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I have an Android application (java) that was working fine when compiled with the Android 1.6 SDK using the following code from the android.provider.Contacts class:

Uri baseUri = Contacts.Phones.CONTENT_FILTER_URL;

When the 2.0 SDK came out, the android.provider.Contacts class was depreciated and replaced with android.provider.ContactsContract. In order to get one program to work on both 1.6 and 2.0, I compiled under 1.6 with the following change:

Uri baseUri = Contacts.Phones.CONTENT_FILTER_URL;
try {
    Class<?> c = Class.forName("android.provider.ContactsContract$PhoneLookup");
    baseUri = (Uri) c.getField("CONTENT_FILTER_URI").get(baseUri);
    catch (Exception e) {           

Since I was compiling under 1.6, I could not import android.provider.ContactsContract since it is a class known only to 2.0. Is this considered reflection and to what degree?

Added Comment: After reading the "Reflection" chapter of "The Java Programming Language" (which I should have done first), I mostly now understand what you can do with reflection but a concise definition of reflection is not easy to come by. Your answers have helped to clarify what prompted my question - that once a class has been reflected on, and an instance of the class created using reflection, you can interact with the instance as if the class was new'ed.

Here is my meager attempt at a concise definition that is far from perfect and I am sure I will need to revise as I learn more:

Reflection is the indirect, dynamic inquiry, manipulation or invocation of class objects using class objects contained in java.lang.reflect or the Class or Package classes that requires initially accessing the class using a fully qualified string name.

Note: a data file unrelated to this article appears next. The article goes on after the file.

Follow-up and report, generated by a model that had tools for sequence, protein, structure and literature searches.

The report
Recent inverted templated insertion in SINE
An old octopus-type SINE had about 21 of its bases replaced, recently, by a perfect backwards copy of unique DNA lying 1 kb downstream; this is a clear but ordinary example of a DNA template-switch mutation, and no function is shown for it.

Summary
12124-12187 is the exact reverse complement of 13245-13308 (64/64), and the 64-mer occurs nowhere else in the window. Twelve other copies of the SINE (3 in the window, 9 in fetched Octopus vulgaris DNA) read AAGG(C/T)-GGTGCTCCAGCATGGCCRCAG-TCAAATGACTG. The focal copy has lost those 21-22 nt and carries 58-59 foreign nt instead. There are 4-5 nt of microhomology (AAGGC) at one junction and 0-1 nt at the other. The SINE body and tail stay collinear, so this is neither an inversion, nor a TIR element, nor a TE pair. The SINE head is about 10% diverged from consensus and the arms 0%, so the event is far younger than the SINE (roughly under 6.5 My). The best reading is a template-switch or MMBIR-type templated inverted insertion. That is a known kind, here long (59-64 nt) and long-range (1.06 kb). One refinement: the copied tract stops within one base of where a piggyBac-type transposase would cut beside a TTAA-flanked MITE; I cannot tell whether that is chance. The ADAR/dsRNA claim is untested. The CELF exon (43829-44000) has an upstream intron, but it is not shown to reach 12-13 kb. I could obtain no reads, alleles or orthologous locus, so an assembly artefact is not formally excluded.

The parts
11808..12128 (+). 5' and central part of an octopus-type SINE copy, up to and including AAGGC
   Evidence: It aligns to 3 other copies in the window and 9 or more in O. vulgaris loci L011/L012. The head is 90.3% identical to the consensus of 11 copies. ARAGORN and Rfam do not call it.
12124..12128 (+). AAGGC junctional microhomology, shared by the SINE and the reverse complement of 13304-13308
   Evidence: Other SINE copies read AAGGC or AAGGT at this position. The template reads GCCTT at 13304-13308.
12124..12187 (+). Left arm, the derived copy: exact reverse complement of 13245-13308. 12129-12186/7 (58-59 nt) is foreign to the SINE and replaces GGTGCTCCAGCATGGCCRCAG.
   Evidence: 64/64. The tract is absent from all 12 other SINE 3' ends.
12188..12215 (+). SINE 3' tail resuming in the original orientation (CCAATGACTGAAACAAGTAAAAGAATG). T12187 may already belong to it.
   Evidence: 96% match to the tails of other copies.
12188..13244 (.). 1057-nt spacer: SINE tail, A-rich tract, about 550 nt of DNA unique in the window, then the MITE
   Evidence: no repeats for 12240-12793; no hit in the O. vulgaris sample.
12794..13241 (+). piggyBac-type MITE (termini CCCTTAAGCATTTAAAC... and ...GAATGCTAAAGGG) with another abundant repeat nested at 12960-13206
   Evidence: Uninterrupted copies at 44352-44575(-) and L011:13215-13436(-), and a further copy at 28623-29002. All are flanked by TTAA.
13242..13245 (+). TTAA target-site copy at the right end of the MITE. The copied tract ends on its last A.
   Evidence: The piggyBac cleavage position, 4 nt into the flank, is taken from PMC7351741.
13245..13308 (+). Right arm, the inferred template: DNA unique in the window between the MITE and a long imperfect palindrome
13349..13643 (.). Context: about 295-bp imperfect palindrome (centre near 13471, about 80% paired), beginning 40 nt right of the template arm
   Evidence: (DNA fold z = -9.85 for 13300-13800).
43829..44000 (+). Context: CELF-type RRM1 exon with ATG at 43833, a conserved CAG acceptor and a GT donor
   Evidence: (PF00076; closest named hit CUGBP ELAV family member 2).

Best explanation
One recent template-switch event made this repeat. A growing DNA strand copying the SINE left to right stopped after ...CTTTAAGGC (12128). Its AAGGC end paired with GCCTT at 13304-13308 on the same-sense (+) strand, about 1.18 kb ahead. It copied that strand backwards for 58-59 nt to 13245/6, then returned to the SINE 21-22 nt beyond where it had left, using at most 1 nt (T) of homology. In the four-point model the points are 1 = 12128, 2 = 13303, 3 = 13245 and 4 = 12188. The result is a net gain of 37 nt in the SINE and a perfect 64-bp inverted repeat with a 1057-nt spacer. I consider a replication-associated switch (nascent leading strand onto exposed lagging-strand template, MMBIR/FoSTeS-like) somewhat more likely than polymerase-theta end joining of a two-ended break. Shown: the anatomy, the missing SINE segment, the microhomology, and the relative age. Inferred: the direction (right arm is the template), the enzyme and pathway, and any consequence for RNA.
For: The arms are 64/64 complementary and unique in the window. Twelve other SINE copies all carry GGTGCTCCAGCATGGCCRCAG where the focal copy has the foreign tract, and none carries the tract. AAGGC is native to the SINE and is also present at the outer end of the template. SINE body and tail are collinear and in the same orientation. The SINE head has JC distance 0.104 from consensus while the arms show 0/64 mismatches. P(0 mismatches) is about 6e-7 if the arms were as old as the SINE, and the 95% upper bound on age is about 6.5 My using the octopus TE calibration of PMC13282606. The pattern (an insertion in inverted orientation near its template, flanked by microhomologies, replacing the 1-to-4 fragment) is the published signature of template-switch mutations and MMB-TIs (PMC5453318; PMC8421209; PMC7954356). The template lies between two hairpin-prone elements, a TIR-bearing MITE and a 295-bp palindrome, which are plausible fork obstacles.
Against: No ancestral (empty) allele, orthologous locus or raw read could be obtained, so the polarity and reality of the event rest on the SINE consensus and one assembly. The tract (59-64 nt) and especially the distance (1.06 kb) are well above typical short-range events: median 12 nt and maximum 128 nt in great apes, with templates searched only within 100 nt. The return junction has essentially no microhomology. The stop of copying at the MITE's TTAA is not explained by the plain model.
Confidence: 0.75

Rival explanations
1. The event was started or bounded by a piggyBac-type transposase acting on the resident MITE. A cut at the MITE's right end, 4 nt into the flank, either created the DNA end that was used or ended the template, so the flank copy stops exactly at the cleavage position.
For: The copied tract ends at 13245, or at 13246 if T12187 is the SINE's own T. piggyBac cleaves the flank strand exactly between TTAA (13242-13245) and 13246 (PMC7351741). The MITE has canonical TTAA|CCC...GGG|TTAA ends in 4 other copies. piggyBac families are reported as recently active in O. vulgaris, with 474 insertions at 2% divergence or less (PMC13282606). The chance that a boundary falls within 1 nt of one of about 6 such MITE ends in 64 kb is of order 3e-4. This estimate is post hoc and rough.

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Note that even although that URI is deprecated in 2.0, the functionality should still exist in the framework for a while (although sometimes Android has its own interpretation of the word "deprecated"). – Christopher Orr Jan 7 '10 at 15:26
You are correct that it still exists except that the functionality under 2.0 does not work. The requested contact is not retreived. I can't remember if it returns no contact or the "My contact card" contact every time. – fupsduck Jan 7 '10 at 15:40
Instead of the above code, and relying on a ClassNotFound exception, you could proactively check what edition of Android you code is running in through an environment property, and then switch calling a sub-function that returns a BaseURI – Scott Markwell Jan 7 '10 at 17:57
I tried that but I had to compile under 1.6 to get one application to run on both 1.6 and 2.0 so when running on 2.0 the android.provider.ContactsContract class is not available directly (since it was compiled in 1.6). This is why I had to use reflection. – fupsduck Jan 7 '10 at 18:20

4 Answers 4

up vote 6 down vote accepted

I believe that is the very definition of Java reflection (more on Android reflection for multiple-version compatibility). I'm not sure what you mean by "to what degree"; it just is.